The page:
Energy regulator Ofgem (London, England) on Sunday announced that six projects are to share $76 million of funding to help local power networks become smarter. The money comes from Ofgem’s $666 million Low Carbon Networks Fund (LCN Fund).
The projects will run in several areas across Britain, piloting new technology and commercial arrangements, says Ofgem. Local grid companies will learn to develop smart grid networks, which will aim to reduce the need to invest in new network assets such as substations or overhead lines by making use of those which are already there, said the energy regulator.
“Britain’s energy grids need to undergo a revolution in how they are run so they can connect more renewable generators and a range of low carbon technologies such as ground source heat pumps,” says Rachel Fletcher, Ofgem’s senior partner for smarter grids, governance and distribution. “There is a significant opportunity for companies to contain the cost of this transition by making better use of existing capacity and exploring the scope to use demand side response.”
Several projects involve better use of existing network capacity to manage congestion on the grid, or looking at how more low carbon generation can be connected without having to build new power lines.
The six projects include:
- Located in Cambridge, the first project involves UK Power Networks (London, England) allowing generators more flexibility and choice over network access by deploying “smart” communications equipment across 700 square kilometers of High Voltage (HV) networks to provide better connection for wind farms. The grant will cover $8.9 million of the $11.7 million it will take to complete the project by 2014.
- The second project involves Scottish Power Energy Networks (Glasgow, Scotland) using real time data to monitor equipment and manage the network more efficiently. The project will take place in three separate locations: Wrexham, St. Andrews and Whitchurch, and will cost $8.5 million, $4.8 million of which will be paid for using Ofgem’s grants.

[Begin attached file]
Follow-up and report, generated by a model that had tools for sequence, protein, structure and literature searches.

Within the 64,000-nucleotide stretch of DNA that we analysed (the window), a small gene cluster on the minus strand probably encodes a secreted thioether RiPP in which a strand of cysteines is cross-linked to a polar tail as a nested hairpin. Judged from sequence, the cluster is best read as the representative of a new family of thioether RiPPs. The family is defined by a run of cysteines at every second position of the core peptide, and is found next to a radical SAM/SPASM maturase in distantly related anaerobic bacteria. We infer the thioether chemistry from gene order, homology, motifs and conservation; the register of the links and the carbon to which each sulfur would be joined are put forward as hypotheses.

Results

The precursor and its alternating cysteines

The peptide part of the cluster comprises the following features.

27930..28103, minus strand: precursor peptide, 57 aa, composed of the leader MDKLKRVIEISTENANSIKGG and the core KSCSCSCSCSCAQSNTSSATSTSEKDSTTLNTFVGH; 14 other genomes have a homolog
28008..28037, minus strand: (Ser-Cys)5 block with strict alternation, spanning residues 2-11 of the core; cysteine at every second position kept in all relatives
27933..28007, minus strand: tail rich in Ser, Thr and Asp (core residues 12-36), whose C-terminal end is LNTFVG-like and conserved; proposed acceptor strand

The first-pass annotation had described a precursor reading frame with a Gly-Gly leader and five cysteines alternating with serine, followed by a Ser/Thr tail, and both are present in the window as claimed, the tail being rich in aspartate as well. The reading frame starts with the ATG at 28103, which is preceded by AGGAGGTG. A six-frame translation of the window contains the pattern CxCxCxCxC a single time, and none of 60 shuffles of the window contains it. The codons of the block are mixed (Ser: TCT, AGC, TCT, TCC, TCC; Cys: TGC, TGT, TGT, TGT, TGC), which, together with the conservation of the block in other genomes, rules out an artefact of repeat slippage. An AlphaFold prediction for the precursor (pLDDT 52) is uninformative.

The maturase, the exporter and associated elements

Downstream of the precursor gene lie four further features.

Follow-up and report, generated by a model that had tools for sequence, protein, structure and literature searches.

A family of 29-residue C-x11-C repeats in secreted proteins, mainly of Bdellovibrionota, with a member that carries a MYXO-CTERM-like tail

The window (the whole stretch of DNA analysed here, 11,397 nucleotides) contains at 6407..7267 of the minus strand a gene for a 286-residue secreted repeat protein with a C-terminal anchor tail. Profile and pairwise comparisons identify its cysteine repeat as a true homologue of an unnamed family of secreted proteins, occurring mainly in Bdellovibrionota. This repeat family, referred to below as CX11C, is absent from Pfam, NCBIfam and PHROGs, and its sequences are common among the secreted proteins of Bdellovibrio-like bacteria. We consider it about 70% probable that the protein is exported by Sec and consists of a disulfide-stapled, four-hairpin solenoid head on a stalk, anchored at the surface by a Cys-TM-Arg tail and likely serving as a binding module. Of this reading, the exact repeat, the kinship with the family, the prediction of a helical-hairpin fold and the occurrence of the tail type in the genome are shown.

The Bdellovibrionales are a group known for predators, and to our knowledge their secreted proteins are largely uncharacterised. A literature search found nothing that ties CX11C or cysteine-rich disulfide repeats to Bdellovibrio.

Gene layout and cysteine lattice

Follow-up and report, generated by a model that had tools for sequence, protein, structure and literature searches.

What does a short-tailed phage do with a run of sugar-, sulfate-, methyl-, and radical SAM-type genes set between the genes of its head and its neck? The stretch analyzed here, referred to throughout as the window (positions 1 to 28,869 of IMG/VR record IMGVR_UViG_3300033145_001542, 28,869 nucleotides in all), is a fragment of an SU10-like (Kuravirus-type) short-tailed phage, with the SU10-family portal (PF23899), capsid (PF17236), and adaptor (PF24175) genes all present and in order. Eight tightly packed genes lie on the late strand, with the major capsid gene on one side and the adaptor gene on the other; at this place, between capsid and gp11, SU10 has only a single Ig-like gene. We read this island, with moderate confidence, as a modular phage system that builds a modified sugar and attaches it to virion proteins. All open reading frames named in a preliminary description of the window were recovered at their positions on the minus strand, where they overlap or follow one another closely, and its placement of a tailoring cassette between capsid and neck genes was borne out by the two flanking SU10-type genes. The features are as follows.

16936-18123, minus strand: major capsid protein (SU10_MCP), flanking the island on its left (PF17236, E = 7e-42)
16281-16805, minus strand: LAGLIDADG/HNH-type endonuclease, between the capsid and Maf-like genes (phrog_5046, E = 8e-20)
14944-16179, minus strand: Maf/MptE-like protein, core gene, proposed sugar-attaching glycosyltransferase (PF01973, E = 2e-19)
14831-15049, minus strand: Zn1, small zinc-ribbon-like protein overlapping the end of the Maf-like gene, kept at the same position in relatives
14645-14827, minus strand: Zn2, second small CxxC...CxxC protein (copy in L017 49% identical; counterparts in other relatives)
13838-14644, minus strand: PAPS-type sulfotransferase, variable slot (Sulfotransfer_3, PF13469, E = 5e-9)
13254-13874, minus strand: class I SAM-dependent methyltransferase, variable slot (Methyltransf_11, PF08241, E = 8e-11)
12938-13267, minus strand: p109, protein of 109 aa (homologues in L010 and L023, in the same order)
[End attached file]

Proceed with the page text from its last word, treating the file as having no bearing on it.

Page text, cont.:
- Electricity North West Limited (Warrington, England), an electricity distribution network operator, will use capacity that is currently set aside for when problems develop elsewhere on the network (i.e. from network failure or planned maintenance), to increase capability of the existing HV network. The operator will use $12.1 million granted by Ofgem to help pay for the $14.2 million project.
- In the fourth project, Western Power Distribution (Bristol, England) will design a model for using smart grids for HV networks. Ofgem grants cover $16.5 million of the $19.8 million it will cost to finish the project by 2015.
- The Western Power Distribution will also be working on the fifth project, which involves allowing photo voltaic (PV) solar to connect to low voltage networks by using an in home battery to manage energy use. By using these batteries, customers can use the stored electricity at times of peak demand, reducing the load on the networks and lowering electric bills. The grant will cover $2.9 million of the $3.3 million the project will cost.
- The last project involves electricity company Southern Electric Power Distribution (Reading, England) developing new ways for domestic and commercial customers to use electivity in the future, which will allow the industry to better forecast demand. The project, which costs $39.8 million, will receive $30.4 million in grants.
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